And it's there that I believe we in the UK are the laggards.

There is much the US cannot be proud of: Agriprocessors and additives  are two good examples.  But when it comes to ethical, good quality food, the US is  miles ahead.  We need look no further than The Jew and the Carrot.  Hazon is an organisation that has around it a thriving community and has received national recognition.   It's an organisation that asks bold questions of its members.

In the UK, not only is there nothing comparable, there's not even a conversation, not a murmur of discourse about what we as Jews should be eating.  One week I  try to convince the readers of the Jewish Chronicle (the leading  British, Jewish newspaper) of the sheer awfulness of much that we consume in the name of our religion, and the very next week the editors are extolling the virtues of kosher food, just because it's kosher.

British kosher consumers, in particular kosher meat consumers, seem to have a total disregard for what they eat.  How can I justify such a sweeping statement?  Because all the facts point to it being the case.   There is no call to arms.  Not a single religious leader has pointed out that the quality of our food is appalling, nor have the community screamed for it.   Equally, the butchers haven't dragged us into the modern era and imposed high quality food upon us.  Instead, there has been a collusion of silence from consumers, religious authorities and those selling our food, and everyone, bizarrely, seems quite content with the  situation.

Here are a couple of examples of what we have to put up with:

- The London Beth Din, one of the largest British certification authorities, only allow battery farmed eggs in kosher shops. (see update below)  The reason, as far as I can tell is because chickens that grow in small cages and rot in their own faeces tend to  breed eggs that are sufficiently unnatural that they don't have blood spots - or  at least blood spots are easier to identify in factory farmed birds.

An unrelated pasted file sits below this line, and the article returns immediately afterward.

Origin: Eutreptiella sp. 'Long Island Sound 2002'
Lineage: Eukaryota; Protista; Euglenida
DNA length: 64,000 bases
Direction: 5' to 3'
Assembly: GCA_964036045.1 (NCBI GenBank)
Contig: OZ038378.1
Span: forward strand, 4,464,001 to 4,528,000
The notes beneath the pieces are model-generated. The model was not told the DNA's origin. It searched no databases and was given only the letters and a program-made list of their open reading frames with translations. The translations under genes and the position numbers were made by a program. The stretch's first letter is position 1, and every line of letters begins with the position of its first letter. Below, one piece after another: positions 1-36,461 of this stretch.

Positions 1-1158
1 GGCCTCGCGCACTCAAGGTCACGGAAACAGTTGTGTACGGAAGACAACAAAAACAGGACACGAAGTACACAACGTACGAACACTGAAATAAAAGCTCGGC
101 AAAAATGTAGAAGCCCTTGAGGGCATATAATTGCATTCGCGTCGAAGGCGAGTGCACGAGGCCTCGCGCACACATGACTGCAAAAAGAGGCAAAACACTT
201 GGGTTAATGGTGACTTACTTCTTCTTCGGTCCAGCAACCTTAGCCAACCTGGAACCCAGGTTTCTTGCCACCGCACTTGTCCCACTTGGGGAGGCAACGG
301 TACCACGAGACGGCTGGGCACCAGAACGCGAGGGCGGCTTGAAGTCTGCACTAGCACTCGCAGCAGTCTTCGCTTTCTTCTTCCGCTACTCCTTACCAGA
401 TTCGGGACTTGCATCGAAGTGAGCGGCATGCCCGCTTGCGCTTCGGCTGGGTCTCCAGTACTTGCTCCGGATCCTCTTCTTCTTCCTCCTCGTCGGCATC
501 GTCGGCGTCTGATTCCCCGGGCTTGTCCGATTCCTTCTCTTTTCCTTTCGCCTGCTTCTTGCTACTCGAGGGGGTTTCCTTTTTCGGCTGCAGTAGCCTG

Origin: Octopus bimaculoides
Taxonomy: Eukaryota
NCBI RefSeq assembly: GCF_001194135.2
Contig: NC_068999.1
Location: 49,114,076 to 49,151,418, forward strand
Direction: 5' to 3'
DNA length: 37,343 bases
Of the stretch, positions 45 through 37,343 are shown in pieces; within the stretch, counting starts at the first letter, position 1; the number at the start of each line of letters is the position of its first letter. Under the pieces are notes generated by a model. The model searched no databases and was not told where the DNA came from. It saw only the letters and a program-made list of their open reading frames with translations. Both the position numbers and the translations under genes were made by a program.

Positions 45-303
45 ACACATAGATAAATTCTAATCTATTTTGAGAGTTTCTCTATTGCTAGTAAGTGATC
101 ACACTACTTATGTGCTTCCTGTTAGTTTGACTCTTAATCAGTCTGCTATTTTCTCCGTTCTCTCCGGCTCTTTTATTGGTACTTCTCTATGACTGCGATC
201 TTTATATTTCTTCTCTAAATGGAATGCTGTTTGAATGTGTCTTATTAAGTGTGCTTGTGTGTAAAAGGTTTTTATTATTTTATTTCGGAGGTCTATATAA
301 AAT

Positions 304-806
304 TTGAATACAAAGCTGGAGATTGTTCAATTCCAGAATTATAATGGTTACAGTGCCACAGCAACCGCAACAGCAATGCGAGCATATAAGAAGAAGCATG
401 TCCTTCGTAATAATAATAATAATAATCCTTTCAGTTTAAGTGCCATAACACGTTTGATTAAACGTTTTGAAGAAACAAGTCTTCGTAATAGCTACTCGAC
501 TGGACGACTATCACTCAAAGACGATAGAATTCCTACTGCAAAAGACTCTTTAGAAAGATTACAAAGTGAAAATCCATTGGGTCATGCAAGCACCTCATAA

The LBD, the  body we look to for spiritual guidance, prefers abnormalities to nature.  It's an interesting choice from the agency that  says (scroll all the way to the bottom) The motto of every Kashrut agency should be the words of Rashi at the end of the Parsha of Kashrut: (Shemini Chapter 11 Pasuk 16) "To distinguish between the impure and the pure".  I suppose if one is being fair they can't be faulted.  They are as good  as their word, they've distinguished between pure and impure, it's just a  surprise which one they prefer.

- Kosher, Organic Meat, until very recently, it was impossible to get a kosher, free range chicken in London.  In fact, it was possible, from the right supplier, but protectionism got the better of the London Beth Din and they decided their butchers needed their pound of flesh.

So why the parlous state of affairs?  I reckon it's a combination of naivety, protectionism and a good dose of embarrassment.

Naivety on behalf of many consumers who assume that kosher food is good to eat, because 'it's  religious, so it must be good'.  Yet I guess that many of these consumers are the same people that are driving sales of organic produce in the leading supermarkets and doyens of the various box schemes (similar to CSAs).

Complicity on behalf of religious authorities who benefit financially from their very uncompetitive existence.  In the US there is an interminable roll-call of authorities that dole out heckshers.  In the UK, there are barely a handful.  Any high-school economist can tell you that a lack of competition means the consumer loses out.

That same economist will also fully understand the implications of supply and demand.  As I wrote in a  recent article in the JC, there is a race to the bottom when it comes to kosher food in the UK.  Not enough people buy kosher meat which understandably makes it more expensive.  But is collusion the inevitable outcome of that?  To me the religious authorities and meat processors are embarrassed by what they do, they seem to obfuscate at every turn.  They imply kosher meat is healthy, but the uncomfortable facts tell the truth.

Am I being unfair to my fellow consumers, the religious authorities and those selling us our meat? If I am, I have yet to see proof to the contrary.

So Leah, right back at ya.  Things might be  bad in the US, but cheer up, you don't have to eat kosher food in the UK.

UPDATE: I was delighted when I spotted a poster tonight in the window of Menachem's, my preferred kosher butcher, announcing that they are now selling free-range eggs.  Maybe I should cut the LBD some slack? No, not yet.